Stories in videogames? Who needs a story in a videogame. All we want is mad-cap craziness and thankfully that’s exactly what we get with TinyBuild’s Xbox One title, No Time To Explain.

Let me get things straight. There are times when I absolutely adore No Time To Explain. There are also times when I absolutely hate it. For No Time To Explain is crazy; in both good and bad ways.

A comedic platformer, you are tasked with chasing your future self through both time and some of the weirdest alternate realities you can think of. The thin veil of a story is played out through some super quick cutscenes lasting no longer than ten seconds in length. From then, it’s up to you to decide what you need to do, and work out exactly how to do it.

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With a trusty jetpack crossed with cannon gun your main form of transport, you’ll need to navigate your way through short but sweet areas that are filled with obstacles, hazards and insane end of level bosses in an attempt to jump into a swirling portal, ready to be whisked away to another load of madness.

With fairly simple but highly effective visuals detailing the puzzles ahead, it really doesn’t take long before you’ll begin to fall out with No Time To Explain, before quickly loving every minute of it again. And that is mainly due to the sheer amount of luck required to succeed. With your jetpack either thrusting you across the screen in a split second, or bouncing you around in small steps, the chances of ensuring your guy ends up exactly where you want him to are slim to non-existent. When a level is filled with moving spikes, flames of fire, pools of acid or electric walls, precision is the name of the game and unfortunately No Time To Explain doesn’t particularly allow for it.

However, well placed checkpoints ensure that no matter how many times you die (and you will die an awful lot), it isn’t too much of a hassle to play through the same parts over and over again. Indeed, there are times when dying is the only way for you to learn the level enough in order to move on to the next, but whilst I don’t necessarily have an issue with this, I’d prefer my failures to be played out due to a lack of expertise, whilst my successes come about thanks to my precision flying. With No Time To Explain, luck more than overrides the feeling of accomplishment throughout.

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From time to time you’ll find yourself in the shoes of a different character, usually a future you from a future land, who is complimented by a different form of moving around. Just as you think you’ve got to grips with the jetpack/cannon combination, the arrival and complete change in movements that a shotgun, slingshot or alien forms bring are well placed to break up the monotony. Beware though, the learning curves for these new modes of transport and destruction are high – in the case of a couple of them, too high, with deaths increasing tenfold in your first few levels with the new tech. Personally, I found them to be nice touches to add a bit of gameplay variation, but throughout my time with them, was constantly looking ahead for the chance to get hold of the trusty old jetpack again.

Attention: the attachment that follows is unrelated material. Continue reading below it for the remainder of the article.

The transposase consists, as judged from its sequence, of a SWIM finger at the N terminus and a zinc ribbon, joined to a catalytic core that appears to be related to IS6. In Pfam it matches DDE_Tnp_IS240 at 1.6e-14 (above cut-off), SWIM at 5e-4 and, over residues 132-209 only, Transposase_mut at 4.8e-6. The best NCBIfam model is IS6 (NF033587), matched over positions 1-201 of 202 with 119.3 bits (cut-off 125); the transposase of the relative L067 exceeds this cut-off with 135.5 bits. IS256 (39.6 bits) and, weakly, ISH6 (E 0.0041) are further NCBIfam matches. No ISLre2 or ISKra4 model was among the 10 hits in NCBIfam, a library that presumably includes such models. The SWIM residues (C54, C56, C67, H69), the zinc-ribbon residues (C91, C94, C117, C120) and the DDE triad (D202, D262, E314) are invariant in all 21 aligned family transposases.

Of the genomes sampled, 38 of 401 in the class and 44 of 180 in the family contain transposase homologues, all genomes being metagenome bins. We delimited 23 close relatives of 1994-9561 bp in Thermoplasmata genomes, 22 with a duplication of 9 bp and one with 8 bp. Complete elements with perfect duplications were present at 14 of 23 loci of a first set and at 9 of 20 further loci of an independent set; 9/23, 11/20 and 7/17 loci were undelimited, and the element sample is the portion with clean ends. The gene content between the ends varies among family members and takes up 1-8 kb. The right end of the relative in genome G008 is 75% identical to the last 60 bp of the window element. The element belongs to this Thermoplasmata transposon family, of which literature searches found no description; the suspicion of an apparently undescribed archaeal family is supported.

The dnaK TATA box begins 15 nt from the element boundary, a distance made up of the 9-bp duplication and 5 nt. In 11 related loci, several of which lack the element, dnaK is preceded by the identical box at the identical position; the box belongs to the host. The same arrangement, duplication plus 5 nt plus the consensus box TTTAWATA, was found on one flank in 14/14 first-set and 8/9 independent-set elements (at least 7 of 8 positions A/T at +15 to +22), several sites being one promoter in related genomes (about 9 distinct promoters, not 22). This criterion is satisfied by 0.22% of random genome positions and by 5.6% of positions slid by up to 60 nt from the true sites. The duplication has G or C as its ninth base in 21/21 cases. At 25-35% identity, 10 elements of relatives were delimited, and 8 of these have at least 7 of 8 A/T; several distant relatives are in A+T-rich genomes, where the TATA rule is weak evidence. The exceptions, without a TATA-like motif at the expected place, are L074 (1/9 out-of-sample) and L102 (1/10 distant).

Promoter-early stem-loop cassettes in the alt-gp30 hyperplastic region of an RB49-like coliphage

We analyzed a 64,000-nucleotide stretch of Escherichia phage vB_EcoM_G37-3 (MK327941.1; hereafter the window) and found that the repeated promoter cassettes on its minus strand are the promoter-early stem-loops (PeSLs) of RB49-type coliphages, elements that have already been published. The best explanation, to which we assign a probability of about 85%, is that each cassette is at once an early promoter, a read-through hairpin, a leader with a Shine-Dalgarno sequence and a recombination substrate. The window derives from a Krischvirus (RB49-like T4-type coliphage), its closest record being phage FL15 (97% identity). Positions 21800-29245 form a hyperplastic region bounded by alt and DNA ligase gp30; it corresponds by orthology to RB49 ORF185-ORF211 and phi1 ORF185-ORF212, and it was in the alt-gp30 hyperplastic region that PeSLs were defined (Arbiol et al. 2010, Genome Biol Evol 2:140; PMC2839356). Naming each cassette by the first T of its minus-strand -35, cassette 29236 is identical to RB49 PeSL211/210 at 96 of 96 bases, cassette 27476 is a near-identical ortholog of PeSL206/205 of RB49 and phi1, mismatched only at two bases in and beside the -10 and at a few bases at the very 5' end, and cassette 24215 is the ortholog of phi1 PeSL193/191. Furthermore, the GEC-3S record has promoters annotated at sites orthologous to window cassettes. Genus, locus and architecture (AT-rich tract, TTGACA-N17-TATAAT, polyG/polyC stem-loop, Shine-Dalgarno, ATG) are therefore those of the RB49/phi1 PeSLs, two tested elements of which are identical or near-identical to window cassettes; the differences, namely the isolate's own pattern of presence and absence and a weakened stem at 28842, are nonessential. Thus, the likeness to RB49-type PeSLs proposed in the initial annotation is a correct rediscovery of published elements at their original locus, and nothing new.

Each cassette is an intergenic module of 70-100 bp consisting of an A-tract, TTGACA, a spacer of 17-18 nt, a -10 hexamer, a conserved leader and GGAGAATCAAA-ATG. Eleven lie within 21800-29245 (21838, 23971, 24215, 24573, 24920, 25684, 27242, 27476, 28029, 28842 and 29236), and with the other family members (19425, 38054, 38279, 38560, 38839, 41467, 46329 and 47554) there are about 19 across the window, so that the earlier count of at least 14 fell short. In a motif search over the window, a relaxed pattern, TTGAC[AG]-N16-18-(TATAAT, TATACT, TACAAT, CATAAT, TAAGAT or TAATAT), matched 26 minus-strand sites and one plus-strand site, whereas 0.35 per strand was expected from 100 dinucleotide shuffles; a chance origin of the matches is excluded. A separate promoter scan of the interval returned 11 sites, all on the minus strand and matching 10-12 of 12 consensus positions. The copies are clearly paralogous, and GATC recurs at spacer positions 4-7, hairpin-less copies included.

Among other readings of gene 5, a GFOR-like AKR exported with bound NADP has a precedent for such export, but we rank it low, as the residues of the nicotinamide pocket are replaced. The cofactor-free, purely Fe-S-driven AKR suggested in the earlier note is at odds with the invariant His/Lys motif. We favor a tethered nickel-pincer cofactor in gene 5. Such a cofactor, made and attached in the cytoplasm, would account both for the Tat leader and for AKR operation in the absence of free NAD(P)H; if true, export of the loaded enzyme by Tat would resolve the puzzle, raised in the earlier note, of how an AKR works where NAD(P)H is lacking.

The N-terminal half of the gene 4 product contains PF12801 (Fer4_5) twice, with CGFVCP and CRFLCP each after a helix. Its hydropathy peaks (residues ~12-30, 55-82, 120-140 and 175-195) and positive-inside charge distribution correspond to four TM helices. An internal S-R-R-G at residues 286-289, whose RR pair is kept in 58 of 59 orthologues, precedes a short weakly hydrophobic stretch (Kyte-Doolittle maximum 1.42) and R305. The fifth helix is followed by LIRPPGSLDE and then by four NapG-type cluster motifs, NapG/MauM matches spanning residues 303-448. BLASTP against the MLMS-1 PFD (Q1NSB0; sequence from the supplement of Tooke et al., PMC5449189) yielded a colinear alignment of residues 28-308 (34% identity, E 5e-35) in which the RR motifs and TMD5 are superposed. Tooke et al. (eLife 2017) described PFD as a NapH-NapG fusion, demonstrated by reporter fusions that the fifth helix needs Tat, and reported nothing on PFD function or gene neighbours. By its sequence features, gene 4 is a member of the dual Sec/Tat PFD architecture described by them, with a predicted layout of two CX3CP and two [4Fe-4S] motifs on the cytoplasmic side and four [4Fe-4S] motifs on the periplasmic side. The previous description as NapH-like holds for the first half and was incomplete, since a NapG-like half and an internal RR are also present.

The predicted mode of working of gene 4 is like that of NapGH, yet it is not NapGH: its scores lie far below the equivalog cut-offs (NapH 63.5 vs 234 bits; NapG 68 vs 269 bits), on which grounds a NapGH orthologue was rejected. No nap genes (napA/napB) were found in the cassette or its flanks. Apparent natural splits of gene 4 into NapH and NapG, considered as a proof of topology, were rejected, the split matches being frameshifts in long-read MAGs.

For the most part, the levels are well thought out and just about doable. There are times when the controller has nearly ejected itself from my hands in rage as once you start getting near triple figure deaths in order to complete a small section of the game, it all feels like being back in Trials Fusion land, trying to get that damn bike over one of those extreme courses. There are times in fact when No Time To Explain is just not a nice place to be.

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The addition of a local co-op mode is initially a great idea, but again this brings about far too much screen movement and confusion, with the screen hopping all over the place trying to keep up with more than one character and the co-op side of things basically boiling down to a case of who can get to the wormhole the quickest. Co-op isn’t a particularly fun experience but if you do have a friend who fancies a five minute blast, then by all means go ahead and hit No Time To Explain. You’ll have a breeze moving on through the easier levels but the latter stuff is just too darn tricky to work through with two people so I absolutely hate to think what it would be like if you managed to get four rolling together!

End of level bosses are supremely well crafted and created. Whether you are going up against a killer crab, a mighty shark, a rodent with a drill or a guy in a spaceship, you’ll have good fun trying to work out their weaknesses and strengths. You won’t beat any of the bosses first time, and you’ll need to work out exactly what is required of you in order to remove them from your world, but strangely, in a complete contradiction to the rest of the game, the big guys are just about the only time when you even remotely begin to feel that your skills are coming to the fore in favour of the luck element.

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The visuals are good, the music is good and No Time To Explain can be good. It can also be a right pain in the arse though with the need for precision not being followed up with the opportunity. You’ll need to either have the patience of a saint or a great deal of willpower to battle through some of the latter levels, and even more if you fancy trying to collect all the hidden wearable hats!

We don’t necessarily need storylines in games; No Time To Explain shows that fun can come in many forms and overrides any complex plot.

We do however need to have the feeling that our skills are getting us somewhere and that’s exactly where No Time To Explain lets us down.

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